California Parole Board Denies Charles Manson’s Bid For Freedom
CORCORAN, Calif. (AP) — A California prison panel has denied parole to mass murderer Charles Manson parole in his 12th bid for freedom.
The panel acted Wednesday after a parole hearing.
Manson, now a gray-bearded, 77-year-old, did not attend the hearing.
Under current law, inmates can be denied the chance to reapply for parole for up to 15 years. Another rejection could make Manson 92 before he would get another opportunity to make his case.
“At his age, I think he doesn’t care,” said Deputy District Attorney Patrick Sequeira, who will argue Wednesday against Manson’s release. “He would be lost if he got out. He’s completely institutionalized.”
Manson has said he would not attend the hearing and has not appeared since 1997. His most recent hearing was in 2007.
If Manson had attended, it would be his first time meeting his state-appointed attorney, DeJon Ramone Lewis. Manson declined a meeting a month ago when Lewis went to Corcoran State Prison to prepare for the hearing.
Manson, however, is anything but a recluse. He has a steady stream of visitors who submit requests to see him, including college students writing papers about him, said Theresa Cisneros, spokeswoman for Corcoran State Prison.
Manson must approve all requests.
“He has a large interested public,” she said, adding that Manson receives more mail than most prisoners.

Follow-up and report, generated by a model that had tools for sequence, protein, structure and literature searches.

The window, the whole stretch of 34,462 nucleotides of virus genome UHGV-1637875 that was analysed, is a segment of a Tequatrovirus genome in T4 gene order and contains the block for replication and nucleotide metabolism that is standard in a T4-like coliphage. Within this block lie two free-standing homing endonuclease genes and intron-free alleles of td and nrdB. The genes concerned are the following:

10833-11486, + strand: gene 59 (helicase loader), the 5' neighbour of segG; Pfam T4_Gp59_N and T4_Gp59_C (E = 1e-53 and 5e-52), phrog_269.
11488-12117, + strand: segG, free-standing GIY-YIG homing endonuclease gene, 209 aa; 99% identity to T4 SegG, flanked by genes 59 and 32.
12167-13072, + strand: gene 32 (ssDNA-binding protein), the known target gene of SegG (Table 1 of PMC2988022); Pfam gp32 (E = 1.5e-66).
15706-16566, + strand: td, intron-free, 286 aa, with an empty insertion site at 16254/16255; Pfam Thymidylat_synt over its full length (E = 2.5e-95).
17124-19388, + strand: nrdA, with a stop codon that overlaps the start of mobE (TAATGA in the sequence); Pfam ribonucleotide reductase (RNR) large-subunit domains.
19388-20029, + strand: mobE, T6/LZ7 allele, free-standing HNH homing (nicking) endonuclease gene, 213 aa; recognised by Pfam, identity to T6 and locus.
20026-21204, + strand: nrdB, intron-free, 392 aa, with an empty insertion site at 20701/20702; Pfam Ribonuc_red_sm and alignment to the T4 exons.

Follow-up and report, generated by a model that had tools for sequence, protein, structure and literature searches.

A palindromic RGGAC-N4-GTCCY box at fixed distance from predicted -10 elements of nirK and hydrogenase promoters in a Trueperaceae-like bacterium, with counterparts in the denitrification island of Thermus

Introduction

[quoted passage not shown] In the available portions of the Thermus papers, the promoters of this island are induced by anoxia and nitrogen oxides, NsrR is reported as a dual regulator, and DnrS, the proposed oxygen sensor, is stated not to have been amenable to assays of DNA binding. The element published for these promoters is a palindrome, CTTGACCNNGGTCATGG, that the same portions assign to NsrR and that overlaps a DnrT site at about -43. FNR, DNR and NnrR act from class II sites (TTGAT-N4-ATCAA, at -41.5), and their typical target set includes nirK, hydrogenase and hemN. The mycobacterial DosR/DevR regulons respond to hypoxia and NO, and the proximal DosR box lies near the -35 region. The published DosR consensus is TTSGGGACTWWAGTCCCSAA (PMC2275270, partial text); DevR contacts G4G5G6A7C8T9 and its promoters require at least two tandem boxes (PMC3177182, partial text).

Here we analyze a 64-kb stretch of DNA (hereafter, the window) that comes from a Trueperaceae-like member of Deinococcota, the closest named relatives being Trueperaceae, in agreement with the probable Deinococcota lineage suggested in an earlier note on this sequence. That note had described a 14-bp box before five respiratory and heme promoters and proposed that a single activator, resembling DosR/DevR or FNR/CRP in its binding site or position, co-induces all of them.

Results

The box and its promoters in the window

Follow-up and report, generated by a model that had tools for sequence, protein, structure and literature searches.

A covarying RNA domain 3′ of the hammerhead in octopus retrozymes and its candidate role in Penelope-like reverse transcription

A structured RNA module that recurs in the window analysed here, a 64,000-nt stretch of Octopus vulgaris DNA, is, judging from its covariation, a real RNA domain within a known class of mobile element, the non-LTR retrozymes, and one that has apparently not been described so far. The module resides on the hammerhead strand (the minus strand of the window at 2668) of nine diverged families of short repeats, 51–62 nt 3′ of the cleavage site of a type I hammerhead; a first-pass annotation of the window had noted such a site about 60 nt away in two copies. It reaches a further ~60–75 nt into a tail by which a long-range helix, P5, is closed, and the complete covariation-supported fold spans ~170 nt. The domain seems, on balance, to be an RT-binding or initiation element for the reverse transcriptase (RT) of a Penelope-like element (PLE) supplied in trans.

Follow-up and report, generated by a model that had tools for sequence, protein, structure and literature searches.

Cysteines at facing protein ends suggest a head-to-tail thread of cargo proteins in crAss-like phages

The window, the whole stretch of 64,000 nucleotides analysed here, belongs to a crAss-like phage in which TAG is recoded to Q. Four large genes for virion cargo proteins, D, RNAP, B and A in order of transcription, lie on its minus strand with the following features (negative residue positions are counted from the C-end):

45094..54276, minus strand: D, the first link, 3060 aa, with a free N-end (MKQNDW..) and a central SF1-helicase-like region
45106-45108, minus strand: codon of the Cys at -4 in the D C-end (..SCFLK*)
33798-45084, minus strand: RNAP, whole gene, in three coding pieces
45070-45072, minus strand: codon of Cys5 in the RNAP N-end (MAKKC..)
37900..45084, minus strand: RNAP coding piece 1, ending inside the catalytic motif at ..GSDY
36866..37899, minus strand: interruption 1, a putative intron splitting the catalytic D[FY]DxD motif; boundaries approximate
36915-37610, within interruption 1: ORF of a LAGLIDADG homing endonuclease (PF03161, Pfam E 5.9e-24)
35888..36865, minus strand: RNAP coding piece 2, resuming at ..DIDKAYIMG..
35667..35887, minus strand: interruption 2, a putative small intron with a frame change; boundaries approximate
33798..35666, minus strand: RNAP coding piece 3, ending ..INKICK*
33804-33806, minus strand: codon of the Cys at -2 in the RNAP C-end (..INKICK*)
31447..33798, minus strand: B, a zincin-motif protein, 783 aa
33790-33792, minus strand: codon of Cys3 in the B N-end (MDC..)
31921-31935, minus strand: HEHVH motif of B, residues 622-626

Manson has been cited twice for having smuggled cellphones. Authorities found he had been talking with people in California, New Jersey, Florida, British Columbia, Arkansas, Massachusetts and Indiana.
The phone numbers were traced, but Department of Corrections spokeswoman Terry Thornton said she could not disclose who received the calls.
Manson also was cited in October for having a homemade weapon in his cell.
Manson’s notoriety stems from one of the most gruesome mass murders in American history, the 1969 slayings of actress Sharon Tate and six others. Manson’s trial with three women acolytes was a spectacle that drew international attention.
Manson was depicted as the evil master of murder, commanding a small army of young followers. He and the three women were sentenced to death. But their lives were spared when the California Supreme Court briefly outlawed the death penalty in 1972.
One of them, Susan Atkins, died in prison. Two others, Leslie Van Houten and Patricia Krenwinkel, remain incarcerated.
Manson also was convicted of two unrelated murders. An assortment of his followers are being held in California prisons.
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